Many labels were developed as a means of fetching a premium for a product. Many of these practices have higher costs and higher waste, so marketing the product for a premium is vital to the industry. This marketing is often done by ill means – misleading information, scare tactics and food guilt targeted at food produced by other, more modern means.
Organics is a $35 billion dollar per year business – so do not be fooled. It is a business – one that is not anymore concerned about your wellbeing and health than any other business is.
Trust in fact and science to take comfort in your purchase decisions. Trillions of meals containing GMOs have been consumed and not one case causing human harm has been found.
The World Health Organization, AMA, FDA, European Commission, National Research Center and even the Bill and Melinda Gates Foundation all support the safety of GMOs.
(Someone will argue that some other countries do not allow GMOs, which is true. The reason however has nothing to do with science, evidence or any ill effects of GMOs. It is simply because their governments caved to public pressure when the public was scared by the same tactics being used here now).
Not all of us have the luxury of being able to spend limitless dollars on food. Not of all of us think it’s necessary even if we did have the money.
Many of us know that it’s OK, even something we can feel good about, to feed our families with scientifically proven products, that are safe and nutritious and grown by family farmers!
So say no to #FoodGuilt and yes to #FoodFacts!
For more information about all types of farming, please visit some of the following links:
Genetic Literacy Project
Missouri Farmers Care
For information regarding the requirements of organic production please visit here:
The below piece is written as follow up to a post that was titled "Stock Shows: How whining about cheaters is worse than the cheaters" that was published on this blog on 01/14/15. The post can be read by clicking HERE.
There are so many issues I would like to address stemming from the comments that many of you were kind enough to share -- the definition of cheating; the reality of politics; the idea that publicly accusing a CHILD of illegal practices just because you suspect, heard, or assume is NOT OK.
But I won’t address those at this time (I promise to in the future if you promise to come back for the discussion!). I won’t address them because it will distract from the point.
If you read my original post titled “Stock Shows: How whining about cheaters is worse than the cheaters” and thought I was condoning cheating – you need to read it again.
If you read the post and thought I was claiming cheating does not exist – you need to read it again.
If you read the post and thought you needed to send me a list of examples in how the champion animal from you county was exhibited by a cheating kid – you need to read it again.
The post has NOTHING to do with kids who are actually cheating. The post has to do with a choice. A choice every parent of an honest exhibitor will make, whether they realize it or not.
When you child walks out of the show ring having placed anywhere lower than anticipated, as a parent you will address that. You will have two options in which to frame your reaction:
1. Congratulate and find the positive
"Great work Freddy, that was a tough class! I am so impressed you and Fluffy were able to do that well with so many experienced kids and awesome animals!! I could tell you were getting a little tired, we will have to practice with Fluffy some more to make it easier for both of you!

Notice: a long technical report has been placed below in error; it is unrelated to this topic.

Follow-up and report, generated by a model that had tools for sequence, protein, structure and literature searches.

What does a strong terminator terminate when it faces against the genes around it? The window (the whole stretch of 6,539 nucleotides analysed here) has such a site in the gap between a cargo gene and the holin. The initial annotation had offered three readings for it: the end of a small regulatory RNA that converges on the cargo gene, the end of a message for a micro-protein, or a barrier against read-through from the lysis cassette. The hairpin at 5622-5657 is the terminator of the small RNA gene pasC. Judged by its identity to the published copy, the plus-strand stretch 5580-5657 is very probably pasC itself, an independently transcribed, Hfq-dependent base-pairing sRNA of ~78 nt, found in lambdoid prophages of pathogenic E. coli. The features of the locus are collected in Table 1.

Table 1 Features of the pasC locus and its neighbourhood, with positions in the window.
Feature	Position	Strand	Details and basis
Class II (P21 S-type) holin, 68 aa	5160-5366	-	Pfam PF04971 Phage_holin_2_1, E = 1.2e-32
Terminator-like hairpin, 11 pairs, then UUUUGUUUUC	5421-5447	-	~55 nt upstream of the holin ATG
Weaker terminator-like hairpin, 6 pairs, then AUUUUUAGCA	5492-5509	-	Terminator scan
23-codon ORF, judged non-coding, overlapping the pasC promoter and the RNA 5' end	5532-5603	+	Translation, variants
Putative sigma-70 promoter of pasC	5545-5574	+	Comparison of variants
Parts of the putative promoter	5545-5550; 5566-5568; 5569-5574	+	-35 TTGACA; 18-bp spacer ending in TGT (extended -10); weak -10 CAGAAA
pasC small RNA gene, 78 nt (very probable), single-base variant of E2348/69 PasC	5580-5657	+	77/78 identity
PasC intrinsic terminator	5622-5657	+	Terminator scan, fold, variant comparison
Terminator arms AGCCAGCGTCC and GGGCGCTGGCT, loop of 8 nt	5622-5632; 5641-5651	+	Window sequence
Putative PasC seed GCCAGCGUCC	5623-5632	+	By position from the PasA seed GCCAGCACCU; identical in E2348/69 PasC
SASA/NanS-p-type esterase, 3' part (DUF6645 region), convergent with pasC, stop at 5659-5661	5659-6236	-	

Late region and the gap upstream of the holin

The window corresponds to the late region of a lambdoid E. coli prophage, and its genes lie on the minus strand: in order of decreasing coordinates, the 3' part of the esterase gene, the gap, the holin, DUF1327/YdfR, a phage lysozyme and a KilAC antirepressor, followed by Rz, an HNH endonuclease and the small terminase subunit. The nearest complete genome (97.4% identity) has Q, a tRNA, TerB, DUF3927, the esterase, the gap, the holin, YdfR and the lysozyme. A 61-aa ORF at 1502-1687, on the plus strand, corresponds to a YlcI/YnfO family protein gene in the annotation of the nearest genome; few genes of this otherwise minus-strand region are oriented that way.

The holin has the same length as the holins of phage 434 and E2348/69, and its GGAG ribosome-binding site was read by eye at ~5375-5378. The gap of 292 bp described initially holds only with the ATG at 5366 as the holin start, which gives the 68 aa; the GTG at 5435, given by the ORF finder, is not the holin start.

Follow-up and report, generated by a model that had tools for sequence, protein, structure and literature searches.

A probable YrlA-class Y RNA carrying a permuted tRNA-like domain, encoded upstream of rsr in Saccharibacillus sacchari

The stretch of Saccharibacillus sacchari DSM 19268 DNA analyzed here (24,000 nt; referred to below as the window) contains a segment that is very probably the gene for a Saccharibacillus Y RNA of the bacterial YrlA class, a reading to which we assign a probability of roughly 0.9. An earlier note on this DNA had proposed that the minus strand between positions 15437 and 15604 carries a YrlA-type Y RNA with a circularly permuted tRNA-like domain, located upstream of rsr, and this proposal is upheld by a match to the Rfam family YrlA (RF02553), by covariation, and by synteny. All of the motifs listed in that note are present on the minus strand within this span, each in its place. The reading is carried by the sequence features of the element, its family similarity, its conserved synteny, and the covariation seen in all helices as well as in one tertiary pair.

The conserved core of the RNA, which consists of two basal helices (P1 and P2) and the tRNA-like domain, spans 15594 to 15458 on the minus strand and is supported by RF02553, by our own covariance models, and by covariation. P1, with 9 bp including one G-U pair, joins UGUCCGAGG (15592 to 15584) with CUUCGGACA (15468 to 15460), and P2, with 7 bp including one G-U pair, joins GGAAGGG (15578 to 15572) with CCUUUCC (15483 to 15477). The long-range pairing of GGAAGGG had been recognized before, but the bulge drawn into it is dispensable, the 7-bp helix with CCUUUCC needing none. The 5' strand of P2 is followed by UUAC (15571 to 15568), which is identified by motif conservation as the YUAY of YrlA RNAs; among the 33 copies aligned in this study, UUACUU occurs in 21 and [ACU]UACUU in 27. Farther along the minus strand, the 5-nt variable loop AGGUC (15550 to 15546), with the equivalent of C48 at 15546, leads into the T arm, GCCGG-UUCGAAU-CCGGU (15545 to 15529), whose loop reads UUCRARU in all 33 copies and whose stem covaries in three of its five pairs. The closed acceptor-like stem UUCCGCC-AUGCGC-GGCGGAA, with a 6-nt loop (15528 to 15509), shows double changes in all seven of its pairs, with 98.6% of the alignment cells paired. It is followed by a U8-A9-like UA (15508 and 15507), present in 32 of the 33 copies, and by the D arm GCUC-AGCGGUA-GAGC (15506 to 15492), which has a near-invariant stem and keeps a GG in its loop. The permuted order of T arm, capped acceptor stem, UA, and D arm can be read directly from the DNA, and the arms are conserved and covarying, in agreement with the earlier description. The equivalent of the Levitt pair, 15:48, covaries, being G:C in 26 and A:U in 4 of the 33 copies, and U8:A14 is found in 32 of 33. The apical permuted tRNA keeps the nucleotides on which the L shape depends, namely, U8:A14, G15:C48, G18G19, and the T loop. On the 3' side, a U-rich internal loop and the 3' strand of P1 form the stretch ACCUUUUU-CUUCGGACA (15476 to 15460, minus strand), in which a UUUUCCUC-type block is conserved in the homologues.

The judge really struggled on what to do with so many nice animals to sort! Now run over there and tell Kate she did an awesome job and see if they want to go to lunch afterwards to celebrate her win, I’ll buy!"
2. Excuse and find the negative
"What a joke! Don’t sweat it, the only reason you were stuck in 5th hole was because that kid in second bought his animal from the judge’s nephew (didn’t you see the nephew tail him into the ring?), and that animal that won is at least 60 days older. Jack told me that family overages everything.
Joe told me that the kid who was in third got caught somewhere a few years ago using illegal feed and someone saw them in the barn late last night. The girl in fourth, her dad spends a lot of money on everything so you'll never get around her anyway.
You really should have won that class hands down but when you have all these parents spending all this money and every one of these kids cheating, you’re never going to get around them. Heck that one kid even uses a cooler to grow hair on his animal and him and his parents spend hours a week just grooming the dang thing. We don’t have time for that.
But we aren't like THOSE people. We are honest, GOOD people so don’t you feel bad about losing because we are BETTER than those people in front of you. We aren't here for the ribbons anyways. They will do ANYTHING to win a class."
Who do you sound most like? Should the conversation between you and your friend or you and your spouse possibly be different than the conversation between you and your child?
The original post deals with all of the reasons option 2 is so damaging to our kids and the industry and encourages us all to try and utilize option 1 more frequently.
(I realize that many of you will still feel the need to inform me of all the ways that people cheat and I am simply wrong on my assumption that most people are good and honest. Even if your family is the only family in the entire state that is following the rules, consider if constantly pointing that fact out to your child is beneficial.)
Kate Lambert grew up in northern Illinois, not on a farm but active in FFA and showing livestock.